SAP customers are still thinking about indirect access. More accurately, they’re still asking questions—in fact, more than we at ASUG think should be asked at this juncture. At a recent gathering of IT leaders I attended, for instance, there was a lively, candid dialog on the topic of SAP indirect access. Along with the conversation, came a flurry of questions:
- What is the latest on the SAP indirect access topic since May?
- Has there been any new information since the SAP white paper in July?
- What does my AE know about the topic, and what is their role in engaging with me?
- Where is the clarity? I read one thing and my AE says something different.
- When is there going to be more public information?
- What am I supposed to do about future projects and initiatives with this cloud hanging over me?
Most customers in the room were knowledgeable on the topic. Yet there were a few—likely the key individuals in their organizations who maintain the relationship with SAP—who were unaware of the issue. This in and of itself raises two more questions:
- What is SAP’s role in ensuring customer awareness?
- Are they waiting until the customer—or worse—the license audit team brings up the topic?
Then there were these further questions, which ASUG has also been asking SAP about:
- How do previously licensed EDI engines (PI) figure into this equation? What about e-commerce?
- And what about timing—if there is an issue, what is the expectation on timing of resolution?
The general sentiment in the room was one of uncertainty edging up to high anxiety—fear of the unknown, which manifests in caution on further SAP investments and projects. One attendee stated: “SAP may be going from the position of a trusted business partner to a disliked distant relative.” Ouch.
The realization is that the decades-old, user-based licensing model has not kept pace with technology nor is it appropriate for the way that business is conducted today. That is a fact. The introduction of “outcome based” pricing models may indeed be the model of the future. However, this shift has led to more immediate questions:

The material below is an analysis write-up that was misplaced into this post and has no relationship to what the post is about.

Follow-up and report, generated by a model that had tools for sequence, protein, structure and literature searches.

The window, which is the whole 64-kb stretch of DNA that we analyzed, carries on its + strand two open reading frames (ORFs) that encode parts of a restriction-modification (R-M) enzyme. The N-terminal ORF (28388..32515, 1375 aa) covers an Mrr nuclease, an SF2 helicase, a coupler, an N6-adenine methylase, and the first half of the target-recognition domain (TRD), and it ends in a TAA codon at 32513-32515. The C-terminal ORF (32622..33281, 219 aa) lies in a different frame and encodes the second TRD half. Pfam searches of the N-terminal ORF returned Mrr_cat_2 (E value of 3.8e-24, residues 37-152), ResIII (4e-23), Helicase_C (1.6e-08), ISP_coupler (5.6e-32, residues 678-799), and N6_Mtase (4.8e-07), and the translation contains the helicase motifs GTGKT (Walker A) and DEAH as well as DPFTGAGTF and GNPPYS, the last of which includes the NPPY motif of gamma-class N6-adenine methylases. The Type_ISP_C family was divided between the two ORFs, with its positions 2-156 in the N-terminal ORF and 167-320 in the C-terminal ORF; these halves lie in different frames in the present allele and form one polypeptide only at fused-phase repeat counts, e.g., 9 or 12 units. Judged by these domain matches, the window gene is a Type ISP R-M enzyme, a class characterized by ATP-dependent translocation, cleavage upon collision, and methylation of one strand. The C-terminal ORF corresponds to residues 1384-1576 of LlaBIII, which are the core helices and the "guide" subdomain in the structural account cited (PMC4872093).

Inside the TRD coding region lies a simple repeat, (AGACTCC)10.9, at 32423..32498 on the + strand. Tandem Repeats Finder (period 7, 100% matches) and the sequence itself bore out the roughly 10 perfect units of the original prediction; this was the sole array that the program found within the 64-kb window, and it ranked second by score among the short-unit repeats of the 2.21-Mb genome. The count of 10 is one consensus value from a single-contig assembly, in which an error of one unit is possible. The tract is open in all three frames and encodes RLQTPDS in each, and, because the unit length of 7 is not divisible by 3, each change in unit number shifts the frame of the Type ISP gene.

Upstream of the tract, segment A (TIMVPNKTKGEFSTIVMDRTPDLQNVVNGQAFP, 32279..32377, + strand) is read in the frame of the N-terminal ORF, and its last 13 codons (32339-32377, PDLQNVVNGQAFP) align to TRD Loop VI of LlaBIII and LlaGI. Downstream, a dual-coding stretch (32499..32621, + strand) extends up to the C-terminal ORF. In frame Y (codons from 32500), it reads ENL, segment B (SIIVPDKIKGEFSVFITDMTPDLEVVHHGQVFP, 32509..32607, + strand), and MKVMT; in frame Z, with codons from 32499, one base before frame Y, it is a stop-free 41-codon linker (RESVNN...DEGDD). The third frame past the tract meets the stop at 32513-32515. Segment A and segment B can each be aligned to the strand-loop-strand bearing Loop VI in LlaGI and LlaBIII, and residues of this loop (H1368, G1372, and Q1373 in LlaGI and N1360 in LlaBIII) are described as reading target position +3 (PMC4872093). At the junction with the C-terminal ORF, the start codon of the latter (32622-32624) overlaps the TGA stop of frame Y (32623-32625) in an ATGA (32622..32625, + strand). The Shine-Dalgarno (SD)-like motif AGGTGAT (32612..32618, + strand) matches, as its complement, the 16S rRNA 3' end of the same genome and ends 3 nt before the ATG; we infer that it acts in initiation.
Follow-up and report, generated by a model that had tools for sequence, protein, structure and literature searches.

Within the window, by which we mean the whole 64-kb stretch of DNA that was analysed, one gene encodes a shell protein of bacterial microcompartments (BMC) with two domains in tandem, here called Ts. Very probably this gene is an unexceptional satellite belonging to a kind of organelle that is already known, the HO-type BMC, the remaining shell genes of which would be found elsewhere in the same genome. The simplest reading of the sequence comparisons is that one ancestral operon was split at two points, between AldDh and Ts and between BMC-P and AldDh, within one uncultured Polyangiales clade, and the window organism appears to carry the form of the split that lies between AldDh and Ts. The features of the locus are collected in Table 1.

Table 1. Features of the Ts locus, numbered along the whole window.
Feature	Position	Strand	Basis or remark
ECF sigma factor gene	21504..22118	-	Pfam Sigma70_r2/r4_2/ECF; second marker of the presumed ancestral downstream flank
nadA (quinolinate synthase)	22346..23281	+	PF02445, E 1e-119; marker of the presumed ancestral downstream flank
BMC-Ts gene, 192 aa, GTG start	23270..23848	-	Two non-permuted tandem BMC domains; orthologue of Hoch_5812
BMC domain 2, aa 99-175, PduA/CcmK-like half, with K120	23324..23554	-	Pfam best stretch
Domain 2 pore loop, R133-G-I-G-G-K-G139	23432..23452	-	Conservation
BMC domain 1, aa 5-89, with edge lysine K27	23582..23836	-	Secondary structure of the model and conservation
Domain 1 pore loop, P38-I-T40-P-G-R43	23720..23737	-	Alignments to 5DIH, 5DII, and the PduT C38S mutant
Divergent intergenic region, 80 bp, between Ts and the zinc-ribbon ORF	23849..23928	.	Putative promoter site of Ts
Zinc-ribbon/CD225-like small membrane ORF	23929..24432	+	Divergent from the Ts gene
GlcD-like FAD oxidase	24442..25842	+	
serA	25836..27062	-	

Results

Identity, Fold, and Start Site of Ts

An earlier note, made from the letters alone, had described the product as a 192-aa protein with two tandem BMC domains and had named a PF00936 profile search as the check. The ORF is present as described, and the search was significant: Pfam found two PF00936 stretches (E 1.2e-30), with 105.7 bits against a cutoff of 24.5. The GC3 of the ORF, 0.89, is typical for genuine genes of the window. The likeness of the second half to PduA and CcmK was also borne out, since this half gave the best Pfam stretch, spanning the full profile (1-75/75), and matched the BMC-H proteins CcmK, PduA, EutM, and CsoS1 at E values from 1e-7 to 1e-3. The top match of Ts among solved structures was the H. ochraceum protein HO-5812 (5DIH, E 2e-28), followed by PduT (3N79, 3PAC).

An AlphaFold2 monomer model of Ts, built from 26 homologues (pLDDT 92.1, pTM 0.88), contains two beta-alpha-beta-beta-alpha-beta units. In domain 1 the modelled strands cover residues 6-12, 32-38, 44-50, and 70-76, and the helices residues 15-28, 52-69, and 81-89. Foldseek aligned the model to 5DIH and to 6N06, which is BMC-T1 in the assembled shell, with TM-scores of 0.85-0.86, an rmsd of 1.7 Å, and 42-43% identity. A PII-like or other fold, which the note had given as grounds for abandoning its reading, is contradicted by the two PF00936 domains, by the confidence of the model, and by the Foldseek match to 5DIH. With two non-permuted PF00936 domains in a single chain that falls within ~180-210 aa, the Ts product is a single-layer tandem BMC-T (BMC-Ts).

- How do I know if the cost impact is neutral with the new model?
- Will there be a “grandfathering” opportunity?
- What does this mean to my existing contract?
- How will my existing named user licenses be treated?
At the conclusion of the conversation, which could have gone on for several hours, there were three very concerning themes:
- The ambiguity and uncertainty around indirect access is slowing innovation and investment with and around SAP products.
- Organizations are rethinking their existing “SAP first” strategies and even seriously considering divorcing themselves from SAP.
- Trust has eroded.
The introduction of a new licensing model by SAP does not, at this point, address these questions. If indeed customers are slowing investment, reconsidering their existing SAP strategy or opening the doors to solutions other than SAP, it may be likely that other factors are at play. One thing is clear, though: There are lots of unanswered questions that need answers.
Bottom Line for ASUG Members
The topic of SAP indirect access and licensing is not dead, nor far from over.
If you have stories and insight on this topic, I would welcome hearing from you. Collectively, there is power in the voice of many. ASUG has been actively engaged in this topic directly with customers, analysts, licensing experts, SUGEN (the network of global SAP user groups) and with SAP executives since February. This engagement continues. As your user community, we are here to advocate on your behalf, create a louder voice and work toward solutions.
You can email me here.
Chris Crone, SVP Strategic Relationships and Communities, ASUG
To learn more about SAP’s new licensing model and associated definitions, visit ASUG’s Licensing Resource Center.
Send your questions to email@example.com and we’ll cover them in the resource center.